Ethiopia: It’s time for children to have a say
I’ve been out in Ethiopia for nearly three months and this is my first chance to update on what I’ve been doing. Up to now I’ve mainly been working on an emergency project to provide communities with clean, safe water.
I’m living in the north of the country in the Amhara region and a long drought in this area means people have to travel even further to collect water for cooking, cleaning and for livestock. Everyday as we travel around the area, we drive past women and young girls walking home carrying yellow containers full of water on their backs. Girls of all ages have the main responsibility for collecting water. This can take several hours, depending on how close the nearest water source is.
My role in this project is to make sure that children have the chance to participate and to share their ideas and concerns. So far we’ve set up 12 children’s committees of about 8 children each.
Setting up committees takes a good few hours. We hold elections in which the children nominate and vote for their representatives. There will usually be an equal number of girls and boys. The age range is often a bit confused. There are lots of children over the normal age for their grade, because they started school late or didn’t graduate to the next grade.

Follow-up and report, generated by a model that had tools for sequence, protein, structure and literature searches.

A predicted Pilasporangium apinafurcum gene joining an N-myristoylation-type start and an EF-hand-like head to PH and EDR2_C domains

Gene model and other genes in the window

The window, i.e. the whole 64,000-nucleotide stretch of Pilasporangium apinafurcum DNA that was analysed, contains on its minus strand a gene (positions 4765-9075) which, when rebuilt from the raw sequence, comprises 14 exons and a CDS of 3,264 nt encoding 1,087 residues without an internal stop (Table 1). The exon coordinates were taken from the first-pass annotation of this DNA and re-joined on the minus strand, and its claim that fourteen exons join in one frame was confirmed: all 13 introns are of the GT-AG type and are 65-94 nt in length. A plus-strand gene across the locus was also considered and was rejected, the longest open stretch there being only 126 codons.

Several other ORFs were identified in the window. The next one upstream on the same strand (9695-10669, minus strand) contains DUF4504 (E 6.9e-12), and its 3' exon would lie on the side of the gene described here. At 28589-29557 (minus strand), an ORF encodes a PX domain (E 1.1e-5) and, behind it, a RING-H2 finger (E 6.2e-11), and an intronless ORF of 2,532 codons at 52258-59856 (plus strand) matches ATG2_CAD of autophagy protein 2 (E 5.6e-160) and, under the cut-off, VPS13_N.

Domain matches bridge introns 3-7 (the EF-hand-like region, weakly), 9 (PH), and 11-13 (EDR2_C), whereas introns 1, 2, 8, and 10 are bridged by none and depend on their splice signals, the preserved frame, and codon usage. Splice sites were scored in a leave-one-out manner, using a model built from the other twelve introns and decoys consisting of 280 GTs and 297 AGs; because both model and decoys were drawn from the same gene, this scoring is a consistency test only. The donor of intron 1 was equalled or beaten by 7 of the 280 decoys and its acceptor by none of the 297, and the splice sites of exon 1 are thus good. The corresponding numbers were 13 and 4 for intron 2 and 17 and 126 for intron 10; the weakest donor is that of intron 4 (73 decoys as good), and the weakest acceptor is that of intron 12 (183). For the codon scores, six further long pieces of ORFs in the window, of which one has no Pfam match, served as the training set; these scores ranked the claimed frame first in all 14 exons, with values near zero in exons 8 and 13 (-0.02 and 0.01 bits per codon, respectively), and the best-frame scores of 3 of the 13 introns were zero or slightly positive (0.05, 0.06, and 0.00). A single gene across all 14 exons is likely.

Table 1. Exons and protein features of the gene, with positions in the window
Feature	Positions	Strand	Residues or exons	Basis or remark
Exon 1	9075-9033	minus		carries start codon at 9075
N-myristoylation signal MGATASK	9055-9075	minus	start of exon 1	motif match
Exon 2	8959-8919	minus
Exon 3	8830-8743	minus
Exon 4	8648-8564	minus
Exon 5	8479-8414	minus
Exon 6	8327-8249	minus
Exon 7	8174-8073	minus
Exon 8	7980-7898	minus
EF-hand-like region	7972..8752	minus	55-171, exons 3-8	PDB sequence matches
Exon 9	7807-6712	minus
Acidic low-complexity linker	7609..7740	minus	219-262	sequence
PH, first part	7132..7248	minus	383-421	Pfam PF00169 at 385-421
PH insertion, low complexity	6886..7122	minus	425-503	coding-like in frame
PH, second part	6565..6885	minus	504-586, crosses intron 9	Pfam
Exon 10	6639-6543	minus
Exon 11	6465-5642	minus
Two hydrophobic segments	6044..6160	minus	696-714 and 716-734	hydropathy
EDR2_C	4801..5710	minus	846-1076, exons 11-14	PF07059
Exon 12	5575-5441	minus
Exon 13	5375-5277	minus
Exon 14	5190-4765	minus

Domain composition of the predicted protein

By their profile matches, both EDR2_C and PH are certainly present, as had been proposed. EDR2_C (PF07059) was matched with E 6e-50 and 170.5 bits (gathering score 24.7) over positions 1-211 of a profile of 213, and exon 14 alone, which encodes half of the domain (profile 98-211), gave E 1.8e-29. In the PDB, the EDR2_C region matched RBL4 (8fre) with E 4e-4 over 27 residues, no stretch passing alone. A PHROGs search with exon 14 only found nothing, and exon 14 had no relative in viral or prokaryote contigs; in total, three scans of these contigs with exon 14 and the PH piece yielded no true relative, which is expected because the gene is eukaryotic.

We’ll start with some activities to get the committee thinking about the ways they can be involved. This might involve drawing a map of their village and thinking about who will use the water points and the best location. Their first response is often to suggest that children can assist with digging, putting up fencing or carrying construction materials to the site.
It’s interesting to see how normal manual work is for children in Ethiopia. It’s a largely agricultural society where children have a huge role to play helping their parents to grow crops and look after livestock. But we steer the children to think about other ways to be involved. They have great ideas, from ways to make the facilities child-friendly, to ensuring the construction sites are safe, to thinking about how they can educate their friends and families on good hygiene practices.
It’s fascinating to see all the individual personalities which make up these committees and to witness their commitment and motivation for being involved in something which will make a huge difference in the lives of their communities.
Construction has already started in some sites. We’re encouraging the committees to visit the construction sites and ask questions. They’re determined to be involved and they have so much energy. The challenge now is that schools have broken up for the summer and the rainy season is fast approaching. And there’s still a lot to get done…